Moose track

and here’s one of the many well-used elk trails in the area.

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Past the end of the road and a half mile into this kind of country

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above me were these two ewes.

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After a pretty darn sloppy stalk, I got closer

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and when I was within about 20 yards, this one started to slowly walk away

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but incredibly, this one looked straight at me, lay down and looked away toward the next canyon! These were not Park sheep nor were they from the bands that spend time near the highway and get somewhat used to people. They were as wild as they can be.

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(My wife kindly pointed out that the ewe had probably seen me hunt before and knew she had nothing to worry about.)

During a hike of about three miles in two hours I had the good fortune to see 16 white-tail deer, 10 mule deer, 9 elk and 3 bighorn sheep. Not a bad trip for one that started simply as a hike to be involved the last snowstorm of the season.

March 29, 2007

A rule of the hunt.

Filed under: Hunting, Montana, Nature, Outdoors, Photos, Pictures, Reflections, Writing — montucky @ 8:12 pm

Slight wisps of steam lazily drifted above the river far below as it wound its way between the rocky canyon walls and steep forested slopes and hurried on toward the Pacific. Its deep pools looked like huge pieces of turquoise set in a tarnished silver band. It was a cold November day and a slight breeze nipped briskly at his face and ears as he climbed the ridge, one slow, careful step at a time. Overhead the sky was white, offset by a trace of silver, and it was spitting small pellets of snow into the crisp fall air.

The first mile of the ascent had been steep but now the ridge leveled out somewhat and the game trail he followed meandered along among tall green pines and tamaracks dressed in the vivid yellow of their fall color. The grasses, having grown tall and lush during the summer were now brown and dry and stood in striking contrast to the scattered clumps of dark green kinnikinnik bushes, decorated this time of year with bright red berries. Light traces of the previous night’s snow still remained on the rocks along the trail, creating a broken white border as though to show the wild users of the trail exactly where they should place their feet. Elk tracks mingled with those of deer, and his experienced eye told him that one of those who traveled before him that morning was a white-tail buck; his quarry.

Off to the left another ridge ran parallel to this one, some five hundred yards in the distance, across a deep and rugged ravine. That area contained rocks and cliffs and was the beginning of big horn sheep country. Seeing a slight movement, he stopped to glass the area, discovering a large cow elk grazing in a grassy area next to a jack-pine thicket; certainly enjoyable to watch, but for now of no further interest, simply a very pleasant interlude.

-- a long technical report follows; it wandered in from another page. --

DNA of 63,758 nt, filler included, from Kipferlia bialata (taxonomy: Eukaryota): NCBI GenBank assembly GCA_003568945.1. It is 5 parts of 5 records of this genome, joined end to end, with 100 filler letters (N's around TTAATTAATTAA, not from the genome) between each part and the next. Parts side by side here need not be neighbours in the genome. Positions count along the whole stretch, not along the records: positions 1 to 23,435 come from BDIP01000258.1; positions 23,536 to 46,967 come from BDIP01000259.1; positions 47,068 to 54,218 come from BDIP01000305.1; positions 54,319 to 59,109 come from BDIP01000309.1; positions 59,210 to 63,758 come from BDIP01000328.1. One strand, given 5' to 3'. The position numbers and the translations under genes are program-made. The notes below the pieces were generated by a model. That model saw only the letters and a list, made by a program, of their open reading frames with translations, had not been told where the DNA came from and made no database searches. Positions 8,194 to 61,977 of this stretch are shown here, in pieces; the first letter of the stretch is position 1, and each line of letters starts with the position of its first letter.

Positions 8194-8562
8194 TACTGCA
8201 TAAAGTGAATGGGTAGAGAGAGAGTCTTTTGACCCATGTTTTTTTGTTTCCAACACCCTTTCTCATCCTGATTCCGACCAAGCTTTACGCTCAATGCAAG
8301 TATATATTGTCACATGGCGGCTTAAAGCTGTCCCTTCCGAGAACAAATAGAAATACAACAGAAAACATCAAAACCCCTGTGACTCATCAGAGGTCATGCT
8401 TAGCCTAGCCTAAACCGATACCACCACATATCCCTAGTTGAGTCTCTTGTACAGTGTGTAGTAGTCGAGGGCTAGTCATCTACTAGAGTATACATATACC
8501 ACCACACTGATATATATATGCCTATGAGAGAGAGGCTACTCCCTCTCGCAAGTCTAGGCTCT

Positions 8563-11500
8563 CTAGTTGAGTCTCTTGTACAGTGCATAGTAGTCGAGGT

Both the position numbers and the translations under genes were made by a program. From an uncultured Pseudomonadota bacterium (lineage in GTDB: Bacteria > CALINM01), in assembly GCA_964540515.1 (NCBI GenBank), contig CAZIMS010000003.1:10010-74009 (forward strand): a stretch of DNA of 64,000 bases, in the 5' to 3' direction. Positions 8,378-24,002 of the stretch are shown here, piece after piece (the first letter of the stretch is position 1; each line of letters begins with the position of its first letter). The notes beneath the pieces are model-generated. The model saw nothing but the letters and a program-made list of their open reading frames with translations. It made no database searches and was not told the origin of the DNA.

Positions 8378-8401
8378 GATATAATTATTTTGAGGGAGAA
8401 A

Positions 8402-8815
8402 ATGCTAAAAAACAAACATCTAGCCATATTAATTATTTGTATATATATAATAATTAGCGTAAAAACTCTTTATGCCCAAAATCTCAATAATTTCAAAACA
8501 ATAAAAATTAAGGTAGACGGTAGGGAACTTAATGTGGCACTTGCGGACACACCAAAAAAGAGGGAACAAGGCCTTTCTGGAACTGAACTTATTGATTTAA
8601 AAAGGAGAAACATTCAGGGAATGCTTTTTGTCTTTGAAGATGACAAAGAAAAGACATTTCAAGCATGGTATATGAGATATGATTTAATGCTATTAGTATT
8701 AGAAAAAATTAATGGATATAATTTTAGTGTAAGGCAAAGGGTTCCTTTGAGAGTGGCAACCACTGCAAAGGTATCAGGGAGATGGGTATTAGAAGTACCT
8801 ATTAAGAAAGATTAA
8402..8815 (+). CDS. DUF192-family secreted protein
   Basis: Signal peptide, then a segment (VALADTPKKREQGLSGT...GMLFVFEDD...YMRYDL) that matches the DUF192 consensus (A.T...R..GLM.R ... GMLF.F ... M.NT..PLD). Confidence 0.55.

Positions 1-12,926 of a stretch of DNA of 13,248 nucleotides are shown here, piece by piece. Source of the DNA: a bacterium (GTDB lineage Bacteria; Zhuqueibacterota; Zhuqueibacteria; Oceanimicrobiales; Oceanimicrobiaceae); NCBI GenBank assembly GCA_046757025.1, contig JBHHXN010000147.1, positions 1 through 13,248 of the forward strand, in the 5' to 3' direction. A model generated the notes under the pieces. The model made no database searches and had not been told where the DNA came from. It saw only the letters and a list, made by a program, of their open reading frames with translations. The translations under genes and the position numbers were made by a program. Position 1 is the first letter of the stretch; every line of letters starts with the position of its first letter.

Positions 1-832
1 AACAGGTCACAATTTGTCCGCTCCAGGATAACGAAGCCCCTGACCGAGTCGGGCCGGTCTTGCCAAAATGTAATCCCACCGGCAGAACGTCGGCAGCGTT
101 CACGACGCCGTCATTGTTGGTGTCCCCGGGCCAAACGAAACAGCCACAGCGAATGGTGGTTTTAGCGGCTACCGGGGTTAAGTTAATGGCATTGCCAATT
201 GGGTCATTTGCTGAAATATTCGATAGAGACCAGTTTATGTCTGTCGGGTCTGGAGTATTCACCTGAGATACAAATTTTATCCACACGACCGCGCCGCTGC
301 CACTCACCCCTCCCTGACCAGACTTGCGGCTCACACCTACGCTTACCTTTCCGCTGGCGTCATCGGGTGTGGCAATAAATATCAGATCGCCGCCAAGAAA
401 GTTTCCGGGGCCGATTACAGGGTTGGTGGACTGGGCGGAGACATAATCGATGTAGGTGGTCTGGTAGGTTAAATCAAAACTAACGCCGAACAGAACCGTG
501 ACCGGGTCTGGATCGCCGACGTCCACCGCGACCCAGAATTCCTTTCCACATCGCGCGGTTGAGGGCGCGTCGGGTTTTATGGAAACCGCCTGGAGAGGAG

Another quiet and careful hundred yards and a small shelf appeared as part of the ridge itself, a flat place out of the breeze for thirty yards before the trail again resumed a steep upward slope. As he neared the shelf, off to his left and ahead he saw the faint flicker of a tail as it brushed away an annoying fly. The deer’s head was down as it fed on dry grass and browsed on some low-growing leaves. The hunter remained completely still, watching. Then, as the animal raised its head in its periodic survey of its surroundings a pair of antlers stood out in clear silhouette against the sky: a buck. At a range of fifty yards, it was an easy shot for the expert rifleman, but for some reason he hesitated, then began his stalk.

As the white-tail slowly grazed on it was clear that its direction would take it to intersect the game trail straight ahead of the hunter. When it put its head down to feed, he took one silent step, then another, then several more. Forty yards now and the deer was in full view with only tufts of tall grass and a few scattered service berry bushes between hunter and prey. Ever so slowly and silently he took a seat with his back against a small pine and raised the rifle, an inch at a time so the motion would not be noticed as the buck continued on. Thirty yards.

In the low power magnification of the scope, every hair stood out, perfect, as though groomed for display. The orange-gold of the deer’s summer coat had already given way to the browns and grays of winter. Its nose was black and moist, with two inches of white surrounding it. Its eyes were large and dark and bright, but didn’t see the hunter as he remained completely motionless: there was no apparent danger there.

The cross hairs of the scope now rested on the white hair in the center of its neck just below the small tufts of a juvenile beard and didn’t waver, even slightly. A slow and silent squeeze on the trigger and it would be an instant kill.

There was the ever so faint sound of a “click” as he slid the safety of the rifle back on, and no sound as all as he lowered the rifle again, inch by slow inch until he placed it on his lap. Not today.

There is a entry in that hunter’s rule book which states: “squeezing the trigger is not always a requirement for a successful hunt”.

Note: As the buck looked around to survey his surroundings, off to the valley side this is what he saw:

The valley below